The domestic pig, often called swine, hog, or simply pig when there is no need to distinguish it from other pigs, is an omnivorous, domesticated even-toed ungulate. It is variously considered a subspecies of the Eurasian boar or a distinct species. The domestic pig's head-plus-body length ranges from 0.9 to 1.8 m, and adult pigs typically weigh between 50 and 350 kg, with well-fed individuals often exceeding this weight range. The size and weight of hogs largely depends on their breed. Compared to other artiodactyls, a pig's head is relatively long and pointed. Most even-toed ungulates are herbivorous, but domestic pigs are omnivores, like their wild relative. Pigs "grunt" and make "snorting" sounds.

Goat milk

Goat milk is the milk of domestic goats.

In animal husbandry, feed conversion ratio (FCR) or feed conversion rate is a ratio or rate measuring of the efficiency with which the bodies of livestock convert animal feed into the desired output. For dairy cows, for example, the output is milk, whereas in animals raised for meat the output is the flesh, that is, the body mass gained by the animal, represented either in the final mass of the animal or the mass of the dressed output. FCR is the mass of the input divided by the output. In some sectors, feed efficiency, which is the output divided by the input, is used. These concepts are also closely related to efficiency of conversion of ingested foods (ECI).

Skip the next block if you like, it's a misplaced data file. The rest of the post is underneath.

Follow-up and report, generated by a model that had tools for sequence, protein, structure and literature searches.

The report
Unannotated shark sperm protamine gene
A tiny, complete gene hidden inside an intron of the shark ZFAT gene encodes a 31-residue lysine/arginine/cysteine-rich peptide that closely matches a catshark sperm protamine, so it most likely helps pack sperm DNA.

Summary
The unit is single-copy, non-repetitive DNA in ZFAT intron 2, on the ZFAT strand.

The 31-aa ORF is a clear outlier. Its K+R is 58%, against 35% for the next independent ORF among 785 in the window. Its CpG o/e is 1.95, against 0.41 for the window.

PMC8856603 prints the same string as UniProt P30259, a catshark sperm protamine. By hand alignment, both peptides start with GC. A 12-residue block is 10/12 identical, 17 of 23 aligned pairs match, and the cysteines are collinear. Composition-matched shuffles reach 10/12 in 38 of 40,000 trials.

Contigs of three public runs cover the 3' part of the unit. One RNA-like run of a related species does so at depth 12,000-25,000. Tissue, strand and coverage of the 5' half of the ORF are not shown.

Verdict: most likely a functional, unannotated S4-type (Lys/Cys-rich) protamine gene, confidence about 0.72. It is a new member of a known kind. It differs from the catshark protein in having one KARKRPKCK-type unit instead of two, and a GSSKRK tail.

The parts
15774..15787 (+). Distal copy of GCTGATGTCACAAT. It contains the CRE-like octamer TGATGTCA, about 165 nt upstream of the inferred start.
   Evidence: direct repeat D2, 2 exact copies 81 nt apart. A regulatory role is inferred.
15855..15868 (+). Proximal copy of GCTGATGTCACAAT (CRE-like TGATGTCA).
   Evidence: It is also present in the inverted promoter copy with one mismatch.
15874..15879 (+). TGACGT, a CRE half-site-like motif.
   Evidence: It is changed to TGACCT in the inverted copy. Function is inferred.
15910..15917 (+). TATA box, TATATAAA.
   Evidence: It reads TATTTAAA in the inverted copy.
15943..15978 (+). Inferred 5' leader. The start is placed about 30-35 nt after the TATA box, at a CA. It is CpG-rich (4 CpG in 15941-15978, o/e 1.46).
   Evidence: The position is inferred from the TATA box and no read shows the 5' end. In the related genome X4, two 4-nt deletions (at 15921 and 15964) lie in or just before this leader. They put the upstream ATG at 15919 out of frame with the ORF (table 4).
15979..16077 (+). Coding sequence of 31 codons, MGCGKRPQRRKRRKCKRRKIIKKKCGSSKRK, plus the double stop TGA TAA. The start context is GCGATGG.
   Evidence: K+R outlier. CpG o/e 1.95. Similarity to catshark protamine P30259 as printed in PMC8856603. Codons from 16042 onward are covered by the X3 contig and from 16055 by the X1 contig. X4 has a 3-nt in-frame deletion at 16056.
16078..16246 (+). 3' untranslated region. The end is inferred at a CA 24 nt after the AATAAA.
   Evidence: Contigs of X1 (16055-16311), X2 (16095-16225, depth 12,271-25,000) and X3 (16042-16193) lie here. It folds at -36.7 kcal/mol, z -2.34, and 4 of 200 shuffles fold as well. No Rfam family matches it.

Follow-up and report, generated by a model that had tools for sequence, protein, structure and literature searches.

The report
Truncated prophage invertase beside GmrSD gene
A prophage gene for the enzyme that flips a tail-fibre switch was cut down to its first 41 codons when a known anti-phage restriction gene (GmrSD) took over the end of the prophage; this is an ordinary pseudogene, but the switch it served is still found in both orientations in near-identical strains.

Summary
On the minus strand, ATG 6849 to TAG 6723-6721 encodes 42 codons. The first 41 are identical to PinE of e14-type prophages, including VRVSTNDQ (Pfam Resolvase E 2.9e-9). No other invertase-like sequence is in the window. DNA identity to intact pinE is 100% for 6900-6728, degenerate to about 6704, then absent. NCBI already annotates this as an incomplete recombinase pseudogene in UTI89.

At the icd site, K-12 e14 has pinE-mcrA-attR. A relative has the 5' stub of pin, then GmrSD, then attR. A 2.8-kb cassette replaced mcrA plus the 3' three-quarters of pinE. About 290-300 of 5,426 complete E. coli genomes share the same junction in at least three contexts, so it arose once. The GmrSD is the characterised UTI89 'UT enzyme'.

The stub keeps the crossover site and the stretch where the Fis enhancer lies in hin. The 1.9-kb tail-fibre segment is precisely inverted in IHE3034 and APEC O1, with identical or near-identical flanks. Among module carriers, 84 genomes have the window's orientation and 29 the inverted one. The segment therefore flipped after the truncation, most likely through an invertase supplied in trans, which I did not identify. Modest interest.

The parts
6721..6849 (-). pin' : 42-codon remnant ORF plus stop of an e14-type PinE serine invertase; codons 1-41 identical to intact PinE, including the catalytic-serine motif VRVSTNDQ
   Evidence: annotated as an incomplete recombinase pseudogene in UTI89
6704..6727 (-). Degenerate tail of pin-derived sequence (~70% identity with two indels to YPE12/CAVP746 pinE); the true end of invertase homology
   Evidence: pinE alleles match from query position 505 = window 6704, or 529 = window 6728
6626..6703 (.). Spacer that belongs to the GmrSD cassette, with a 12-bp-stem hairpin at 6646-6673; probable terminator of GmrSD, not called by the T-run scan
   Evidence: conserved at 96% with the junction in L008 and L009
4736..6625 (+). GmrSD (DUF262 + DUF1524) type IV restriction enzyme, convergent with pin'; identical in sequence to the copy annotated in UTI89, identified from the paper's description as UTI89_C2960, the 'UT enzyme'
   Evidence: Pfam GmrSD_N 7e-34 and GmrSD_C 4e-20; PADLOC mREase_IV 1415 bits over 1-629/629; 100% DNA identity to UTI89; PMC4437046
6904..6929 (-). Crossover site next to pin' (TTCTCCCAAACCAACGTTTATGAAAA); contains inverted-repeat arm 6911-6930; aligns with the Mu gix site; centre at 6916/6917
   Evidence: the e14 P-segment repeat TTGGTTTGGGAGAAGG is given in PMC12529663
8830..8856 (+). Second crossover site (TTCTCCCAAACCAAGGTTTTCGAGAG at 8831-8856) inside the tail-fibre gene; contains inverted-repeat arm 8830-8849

Camel milk Milk produced by female camels

Camel milk has supported Bedouin, nomad and pastoral cultures since the domestication of camels millennia ago. Herders may for periods survive solely on the milk when taking the camels on long distances to graze in desert and arid environments. The camel dairy farming industry has grown in Australia and the United States, as an environmentally-friendly alternative to cow dairy farming using a species well-adapted to arid regions.

Cheese Dairy product

Cheese is a dairy product, derived from milk and produced in wide ranges of flavors, textures and forms by coagulation of the milk protein casein. It comprises proteins and fat from milk, usually the milk of cows, buffalo, goats, or sheep. During production, the milk is usually acidified and the enzymes of rennet are added to cause the milk proteins (casein) to coagulate. The solids (curd) are separated from the liquid (whey) and pressed into final form. Some cheeses have aromatic molds on the rind, the outer layer, or throughout. Most cheeses melt at cooking temperature.

Moose milk

Moose milk, also known as elk milk, refers to milk produced by moose. Though it is most commonly consumed by moose calves, its production has also been commercialised in Russia, Sweden and Canada.

Sheep milk

Sheep's milk is the milk of domestic sheep. It is commonly used to make cultured dairy products such as cheese. Some of the most popular sheep cheeses include feta (Greece), ricotta (Italy), and Roquefort (France).

Pig farming Raising and breeding of domestic pigs

Pig farming or hog farming is the raising and breeding of domestic pigs as livestock, and is a branch of animal husbandry. Pigs are farmed principally for food and skins.

Goat Domesticated mammal (Capra aegagrus hircus)